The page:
Today is National Bagel Day

Fun Facts:

  • The word “bagel” comes from the Yiddish word “beygl”.
  • Bagels are always round with a hole in the centre.
  • It is thought that bagels originated in Poland in the early 1600s.
  • Bagels are closely connected to the Jewish community since it was the Polish and Russian immigrants that brought the Eastern European staple to North America.
  • The most popular bagel is plain; second is sesame seed.
  • Favourite bagel topping is cream cheese.

Making your own delicious bagels at home is totally worth it! Check out Rooks to Cooks’ recipe for Homemade Montreal Bagels. So Good with your favourite toppings …

Homemade Montreal Bagels

Note: True Montreal Bagels taste their best when just out of the oven…


  • 2 tsp sugar
  • 1 cup lukewarm water
  • 1 tbsp active dry yeast (quick rise)
  • ½ cup warm water
  • 1 large egg
  • 1 tsp vegetable oil
  • 2 tsp salt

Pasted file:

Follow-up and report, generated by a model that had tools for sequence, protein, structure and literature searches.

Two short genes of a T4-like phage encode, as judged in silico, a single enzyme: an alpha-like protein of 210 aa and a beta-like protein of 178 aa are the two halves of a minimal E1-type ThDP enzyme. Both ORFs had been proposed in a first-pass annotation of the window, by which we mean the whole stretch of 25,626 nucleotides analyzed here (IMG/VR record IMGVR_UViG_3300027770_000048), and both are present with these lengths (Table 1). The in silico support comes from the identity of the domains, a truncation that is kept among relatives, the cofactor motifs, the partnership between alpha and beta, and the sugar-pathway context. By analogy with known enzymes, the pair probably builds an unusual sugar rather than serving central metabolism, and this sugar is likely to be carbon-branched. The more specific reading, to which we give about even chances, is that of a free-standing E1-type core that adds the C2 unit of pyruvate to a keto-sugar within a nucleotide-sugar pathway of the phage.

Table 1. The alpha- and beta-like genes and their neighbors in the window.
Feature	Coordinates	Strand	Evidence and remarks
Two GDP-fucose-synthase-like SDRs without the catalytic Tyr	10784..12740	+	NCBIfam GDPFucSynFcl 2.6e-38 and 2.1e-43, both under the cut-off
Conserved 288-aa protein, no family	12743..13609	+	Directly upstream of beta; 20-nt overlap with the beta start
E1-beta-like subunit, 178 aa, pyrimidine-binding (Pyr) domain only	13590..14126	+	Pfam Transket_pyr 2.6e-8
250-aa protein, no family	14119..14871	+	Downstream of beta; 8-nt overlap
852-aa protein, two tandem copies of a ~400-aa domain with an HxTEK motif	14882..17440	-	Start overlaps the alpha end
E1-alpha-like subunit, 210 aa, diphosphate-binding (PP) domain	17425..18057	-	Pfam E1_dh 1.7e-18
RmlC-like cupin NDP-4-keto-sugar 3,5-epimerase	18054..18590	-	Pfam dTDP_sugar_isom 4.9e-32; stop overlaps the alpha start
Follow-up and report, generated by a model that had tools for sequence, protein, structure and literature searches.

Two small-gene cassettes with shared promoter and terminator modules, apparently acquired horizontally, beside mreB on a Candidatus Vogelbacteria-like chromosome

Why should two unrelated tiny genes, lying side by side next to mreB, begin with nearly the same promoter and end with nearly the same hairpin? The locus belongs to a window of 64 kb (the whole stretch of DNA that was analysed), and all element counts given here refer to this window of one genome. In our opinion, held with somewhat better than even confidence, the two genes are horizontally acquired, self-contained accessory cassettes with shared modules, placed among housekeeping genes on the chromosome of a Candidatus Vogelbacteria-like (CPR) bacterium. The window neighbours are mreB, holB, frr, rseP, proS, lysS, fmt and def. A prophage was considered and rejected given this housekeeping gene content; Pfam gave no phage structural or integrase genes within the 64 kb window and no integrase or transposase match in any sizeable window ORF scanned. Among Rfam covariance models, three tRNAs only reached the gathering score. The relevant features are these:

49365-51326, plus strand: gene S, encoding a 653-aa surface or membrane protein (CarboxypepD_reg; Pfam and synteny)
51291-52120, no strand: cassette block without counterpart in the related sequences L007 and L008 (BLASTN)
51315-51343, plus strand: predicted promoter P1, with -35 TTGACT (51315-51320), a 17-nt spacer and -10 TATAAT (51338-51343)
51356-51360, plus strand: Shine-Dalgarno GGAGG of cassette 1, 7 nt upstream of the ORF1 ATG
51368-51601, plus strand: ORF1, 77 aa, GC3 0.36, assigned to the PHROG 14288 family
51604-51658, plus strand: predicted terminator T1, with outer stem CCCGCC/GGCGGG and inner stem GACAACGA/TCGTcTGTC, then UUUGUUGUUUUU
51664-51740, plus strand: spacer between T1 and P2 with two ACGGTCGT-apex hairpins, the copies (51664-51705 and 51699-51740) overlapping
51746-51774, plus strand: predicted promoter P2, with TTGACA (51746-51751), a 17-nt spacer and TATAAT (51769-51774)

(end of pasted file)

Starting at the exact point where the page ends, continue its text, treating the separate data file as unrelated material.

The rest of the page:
• About 4 cups all-purpose flour

For shaping and topping:

  • 3 tbsp honey
  • 1 cup seeds, such as, sesame or poppy


  1. In a medium bowl, dissolve the sugar in the 1 cup lukewarm water, then stir in the yeast.
  2. In another bowl, stir the warm water, egg, oil and salt; set aside.
  3. Add 1 cup of the flour to the yeast mixture and stir in.
  4. Add the egg/water mixture and 2 more cups of flour and stir, always in the same direction, until a smooth, moist dough forms.
  5. Add 1 more cup of flour and stir to blend it in; the dough will be quite stiff.
  6. Knead for 5-10 minutes on a lightly floured surface until smooth and elastic.
  7. Place dough into a clean, medium bowl and cover with plastic wrap.